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Breast imaging – Breast ultrasound – Ultrasound lexicon – Special cases – Lymph nodes – Axillary


Normal axillary lymph nodes
Axillary lymph nodes in both axillae facilitate the lymphatic drainage of the breast as discussed earlier (Breast anatomy).

Level I axillary lymph nodes can be evaluated on breast ultrasound and mammography. Level II and III axillary lymph nodes are not commonly seen on ultrasound, though large reactive level II nodes may sometimes be visualized.
Ultrasound is the first-line examination for imaging the axillae.
High-frequency ultrasound examination evaluates level I nodes located in the lower part of the axilla, posterolateral to the lateral edge of the pectoralis major muscle. The evaluation of the node includes:
  • size of the node;
  • morphological features, including shape, contour, uniformity of the cortex, integrity of the hilum, perinodal fat plane; and
  • hilar vascularity on Doppler.
A normal axillary lymph node is oval in shape with smooth, well-delineated contours, a wide central fatty hilum, and uniform peripheral cortex. The normal node measures < 10 mm in diameter and the cortex is < 3 mm thick with central hilar vascularity seen on colour Doppler ultrasound.

Case 1:

Case 2:

Case 3:

Abnormal axillary lymph nodes
Diseases of the lymph node begin from the periphery and an abnormal axillary lymph node will show altered morphological features such as:
  • increase in size;
  • loss of oval shape, maybe becoming round or irregular shape;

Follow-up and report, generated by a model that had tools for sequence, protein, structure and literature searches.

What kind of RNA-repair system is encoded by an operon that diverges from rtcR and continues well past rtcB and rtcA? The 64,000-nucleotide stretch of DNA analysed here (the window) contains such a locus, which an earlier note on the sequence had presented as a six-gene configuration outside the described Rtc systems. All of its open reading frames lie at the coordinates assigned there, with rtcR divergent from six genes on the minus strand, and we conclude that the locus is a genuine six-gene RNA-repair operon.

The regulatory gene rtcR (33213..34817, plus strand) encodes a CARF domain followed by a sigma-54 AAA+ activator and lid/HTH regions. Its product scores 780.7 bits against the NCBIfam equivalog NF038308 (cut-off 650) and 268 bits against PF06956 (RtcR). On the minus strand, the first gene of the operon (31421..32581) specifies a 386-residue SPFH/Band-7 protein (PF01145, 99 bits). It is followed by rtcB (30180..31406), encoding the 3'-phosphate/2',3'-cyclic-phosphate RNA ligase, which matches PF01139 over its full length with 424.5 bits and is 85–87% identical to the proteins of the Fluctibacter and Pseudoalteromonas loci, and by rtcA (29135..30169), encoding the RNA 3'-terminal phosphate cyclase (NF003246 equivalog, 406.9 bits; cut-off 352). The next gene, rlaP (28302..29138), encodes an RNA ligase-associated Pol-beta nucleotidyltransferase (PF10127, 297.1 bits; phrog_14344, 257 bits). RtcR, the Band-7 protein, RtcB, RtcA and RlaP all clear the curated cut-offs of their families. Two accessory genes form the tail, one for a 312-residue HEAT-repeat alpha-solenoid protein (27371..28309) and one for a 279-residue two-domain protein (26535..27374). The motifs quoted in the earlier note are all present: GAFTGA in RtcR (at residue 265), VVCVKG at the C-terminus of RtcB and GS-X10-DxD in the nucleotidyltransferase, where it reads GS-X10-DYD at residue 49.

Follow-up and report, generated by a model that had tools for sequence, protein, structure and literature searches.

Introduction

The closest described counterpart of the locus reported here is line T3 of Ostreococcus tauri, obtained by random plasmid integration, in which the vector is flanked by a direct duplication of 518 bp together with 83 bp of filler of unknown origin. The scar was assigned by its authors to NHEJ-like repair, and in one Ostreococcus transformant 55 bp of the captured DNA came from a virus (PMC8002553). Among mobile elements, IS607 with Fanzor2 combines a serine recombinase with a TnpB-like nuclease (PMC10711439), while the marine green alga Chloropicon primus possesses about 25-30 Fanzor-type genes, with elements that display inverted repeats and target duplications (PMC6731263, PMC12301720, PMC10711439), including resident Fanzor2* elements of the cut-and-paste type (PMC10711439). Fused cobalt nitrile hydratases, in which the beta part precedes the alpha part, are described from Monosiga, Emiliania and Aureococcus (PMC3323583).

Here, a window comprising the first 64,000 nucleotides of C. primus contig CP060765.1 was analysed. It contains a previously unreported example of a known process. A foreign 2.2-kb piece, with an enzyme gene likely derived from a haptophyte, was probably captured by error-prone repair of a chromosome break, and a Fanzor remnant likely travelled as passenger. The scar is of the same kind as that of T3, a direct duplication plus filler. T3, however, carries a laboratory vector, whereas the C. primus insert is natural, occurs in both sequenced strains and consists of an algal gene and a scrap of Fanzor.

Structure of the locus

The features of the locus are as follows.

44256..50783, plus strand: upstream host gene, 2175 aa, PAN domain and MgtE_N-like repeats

• cortical thickening measuring > 3 mm, with areas of focal cortical thickening > 6 mm being highly suspicious features;
  • loss of fatty hilum;
  • non-hilar cortical blood flow; and
  • loss of contours and features of perinodal fat infiltration.

Differential diagnoses of axillary lymphadenopathy include:
  • breast cancer with metastatic axillary lymph nodes ;
  • infection ;
  • Hodgkin lymphoma or non-Hodgkin lymphoma;
  • inflammatory mastitis ;
  • metastatic nodes from distant malignancy; and
  • lymphoid hyperplasia.
Other causes include local infection, pet scratches, recent vaccination, injury, fungal infection, HIV, leukaemia, and melanoma.

Breast cancer with axillary metastatic node
The morphological characteristics of metastatic lymph nodes are enlarged size, round shape, absence of the fatty hilum, and concentric or focal cortical thickness greater than 3 mm.

Case 1

Case 2

Case 3

Case 4


Hodgkin lymphoma or non-Hodgkin lymphoma

Inflammatory mastitis

Metastatic nodes from distant malignancy

Lymphoid hyperplasia


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